Gene Rev-erb in the brain sets the rhythm of the liver’s response to insulin

When Dr. Zheng Sun and his colleagues began this project, they did not know where it was going to lead them. Their initial goal was to investigate the function of the Rev-erb gene in the brain.

People with diabetes can keep watch of their blood sugar with their smartphones.

“We are interested in this gene because it is a ‘druggable’ component of the circadian clock with potential applications in the clinic. Rev-erb is expressed only during the day but not at night,” said Sun, associate professor of medicine-endocrinology, diabetes and metabolism at Baylor.

Dr. Zheng Sun

Unexpectedly, their findings provide an explanation for dawn phenomenon, an abnormal increase of blood sugar only in the morning, observed in many patients with type 2 diabetes. The molecular mechanism that underlies this temporal pattern has been unclear, but the work by Sun and his colleagues not only points at a mechanism but also opens the possibility of new approaches to control diabetes.

To investigate the role Rev-erb might play in dawn phenomenon, the researchers first developed a mouse model by knocking out the Rev-erb gene, specifically in GABA neurons in a particular brain area called the suprachiasmatic nucleus. They chose this approach because the gene is highly expressed in this brain are that is mainly composed of GABA neurons.

An unexpected finding

“We observed something very interesting in these mice,” Sun said. “They were glucose intolerant – that is they had high glucose levels – only in the evening. Mice are nocturnal, meaning that they become active in the evening as people do in the morning.”

When the body awakes and takes in food, insulin is secreted from the pancreas to signal the body to lower blood sugar. Insulin is more effective in doing this job upon waking than at other times of the day. This high insulin sensitivity occurs probably because the body is anticipating feeding behaviors upon waking up. In mice, high insulin sensitivity occurs in the evening, while in people it occurs in the morning.

Sun and his colleagues found that the abnormal higher glucose levels observed in the evening in Rev-erb knockout mice resulted from an insufficient suppression of liver glucose production by insulin.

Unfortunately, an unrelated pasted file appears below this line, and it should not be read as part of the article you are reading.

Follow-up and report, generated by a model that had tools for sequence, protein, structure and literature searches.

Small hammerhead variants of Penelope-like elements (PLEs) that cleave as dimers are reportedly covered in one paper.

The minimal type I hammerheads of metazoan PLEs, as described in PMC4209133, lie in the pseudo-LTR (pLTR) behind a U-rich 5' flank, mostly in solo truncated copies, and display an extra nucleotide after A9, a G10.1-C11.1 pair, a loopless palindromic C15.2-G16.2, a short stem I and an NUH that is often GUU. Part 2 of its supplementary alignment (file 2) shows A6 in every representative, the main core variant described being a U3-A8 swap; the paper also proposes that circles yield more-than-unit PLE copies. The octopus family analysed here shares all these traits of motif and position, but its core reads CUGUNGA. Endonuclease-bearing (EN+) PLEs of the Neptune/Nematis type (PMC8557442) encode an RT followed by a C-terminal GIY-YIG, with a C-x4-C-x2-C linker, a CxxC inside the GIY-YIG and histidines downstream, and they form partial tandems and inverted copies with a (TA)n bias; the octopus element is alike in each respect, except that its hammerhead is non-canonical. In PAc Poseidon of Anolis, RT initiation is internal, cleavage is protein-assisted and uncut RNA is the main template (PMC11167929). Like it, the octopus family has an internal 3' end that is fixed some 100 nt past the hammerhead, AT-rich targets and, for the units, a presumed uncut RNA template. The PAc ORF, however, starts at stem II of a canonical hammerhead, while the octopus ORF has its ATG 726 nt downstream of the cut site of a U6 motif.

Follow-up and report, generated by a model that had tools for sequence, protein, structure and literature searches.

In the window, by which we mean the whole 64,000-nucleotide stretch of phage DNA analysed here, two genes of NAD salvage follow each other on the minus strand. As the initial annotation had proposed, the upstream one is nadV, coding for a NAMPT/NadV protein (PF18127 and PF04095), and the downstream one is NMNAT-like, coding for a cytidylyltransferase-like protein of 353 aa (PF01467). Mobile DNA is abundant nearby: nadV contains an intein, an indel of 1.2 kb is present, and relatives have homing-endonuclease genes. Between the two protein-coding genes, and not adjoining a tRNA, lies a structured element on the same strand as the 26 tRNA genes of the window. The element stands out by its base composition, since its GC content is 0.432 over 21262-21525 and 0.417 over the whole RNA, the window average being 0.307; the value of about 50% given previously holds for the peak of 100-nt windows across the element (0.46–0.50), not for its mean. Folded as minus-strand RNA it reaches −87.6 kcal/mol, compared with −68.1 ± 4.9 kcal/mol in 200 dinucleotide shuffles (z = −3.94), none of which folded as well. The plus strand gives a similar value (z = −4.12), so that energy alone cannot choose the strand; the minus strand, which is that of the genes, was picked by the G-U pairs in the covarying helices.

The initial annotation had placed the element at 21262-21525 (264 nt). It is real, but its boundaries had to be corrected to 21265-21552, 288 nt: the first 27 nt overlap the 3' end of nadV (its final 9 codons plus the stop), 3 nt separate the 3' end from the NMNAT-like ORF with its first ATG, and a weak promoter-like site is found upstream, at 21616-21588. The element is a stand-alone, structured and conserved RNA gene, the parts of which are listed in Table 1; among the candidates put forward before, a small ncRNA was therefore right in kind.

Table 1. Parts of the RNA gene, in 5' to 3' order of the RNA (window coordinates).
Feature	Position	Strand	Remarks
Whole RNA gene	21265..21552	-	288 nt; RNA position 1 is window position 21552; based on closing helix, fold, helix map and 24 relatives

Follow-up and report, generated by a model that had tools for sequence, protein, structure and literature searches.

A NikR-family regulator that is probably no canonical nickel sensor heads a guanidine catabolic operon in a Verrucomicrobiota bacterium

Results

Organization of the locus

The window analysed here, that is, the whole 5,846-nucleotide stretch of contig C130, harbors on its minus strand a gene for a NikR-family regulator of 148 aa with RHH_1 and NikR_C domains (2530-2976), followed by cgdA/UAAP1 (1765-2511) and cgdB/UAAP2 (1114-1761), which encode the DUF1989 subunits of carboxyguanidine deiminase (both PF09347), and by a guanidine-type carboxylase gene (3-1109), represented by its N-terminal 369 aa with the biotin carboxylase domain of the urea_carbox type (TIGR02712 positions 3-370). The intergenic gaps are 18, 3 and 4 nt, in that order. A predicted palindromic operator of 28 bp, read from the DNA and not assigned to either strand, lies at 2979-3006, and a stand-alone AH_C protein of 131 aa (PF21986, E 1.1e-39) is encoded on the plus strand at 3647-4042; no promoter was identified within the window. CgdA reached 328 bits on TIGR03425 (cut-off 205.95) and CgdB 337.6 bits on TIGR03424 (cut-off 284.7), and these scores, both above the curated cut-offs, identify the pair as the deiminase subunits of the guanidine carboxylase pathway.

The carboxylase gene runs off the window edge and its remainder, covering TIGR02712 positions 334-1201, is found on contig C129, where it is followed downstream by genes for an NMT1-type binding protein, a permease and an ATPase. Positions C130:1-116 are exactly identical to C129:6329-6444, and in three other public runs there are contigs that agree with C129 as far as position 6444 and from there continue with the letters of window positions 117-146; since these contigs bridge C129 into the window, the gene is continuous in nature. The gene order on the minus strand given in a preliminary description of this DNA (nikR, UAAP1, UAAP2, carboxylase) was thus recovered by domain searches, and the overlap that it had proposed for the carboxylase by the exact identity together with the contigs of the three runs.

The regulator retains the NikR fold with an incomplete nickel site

Their data demonstrate an essential role of neural Rev-erb in regulating the hepatic insulin sensitivity rhythm independent of eating behaviors or basal hepatic glucose production.

Next, the researchers looked to understand how defects in Rev-erb gene expression in the brain can result in changes in the ability of the liver to respond to insulin. They discovered that the suprachiasmatic nucleus (SCN) GABA neurons in Rev-erb knockout mice had a higher firing activity than those neurons of normal mice when the animals woke up, and that this neuronal hyperactivity was sufficient and necessary to cause glucose intolerance in the evening. In normal mice, these GABA neurons drop their firing activity in the evening, lowering sugar blood levels.

When the researchers re-expressed Rev-erb back in the knockout mice, they found that Rev-erb expression is only needed during the day, but not needed at night, which is in line with the highly oscillatory expression pattern of endogenous Rev-erb in normal condition.

Connecting with dawn phenomenon

Mice having higher glucose levels in the evening reminded Sun and his colleagues of dawn phenomenon observed in people with type 2 diabetes. “Given the similarities of the phenomenon in mice and people, we thought that maybe this gene that we are studying could be linked to the biology of dawn phenomenon in diabetic patients,” said Sun, a member of Baylor’s Dan L Duncan Comprehensive Cancer Center and the Huffington Center on Aging.

In collaboration with Qilu Hospital of Shandong University in China, the researchers followed 27 type 2 diabetes patients with continuous glucose monitoring. They found that, although the patients had diabetes with similar severity in terms of their basal glucose levels, obesity and other parameters, about half of the patients had dawn phenomenon while the other half did not.

“We collected the patients’ blood at different times of the day and determined the expression of the Rev-erb gene in white blood cells, which has been reported to correlate well with the expression of the gene in the central clock in the brain,” Sun said. “Interestingly, we found that the gene’s expression followed a temporal pattern that was different between those with dawn phenomenon and those without,” Sun said.

The researchers propose that Rev-erb regulates the rhythmic expression of genes that are involved in neurotransmission in the suprachiasmatic nucleus (SCN) in the brain and modulates the oscillatory firing activity of SCN-GABA neurons.

“Our findings suggest that the altered temporal pattern of expression of this gene may explain dawn phenomenon in people,” Sun said. “It is possible that, in the future, a drug might be used to regulate this gene to treat the condition.”

Find the publication, the complete list of contributors and the financial sources of support for this work in the journal Nature.

 

 By Ana María Rodríguez, Ph.D.

 

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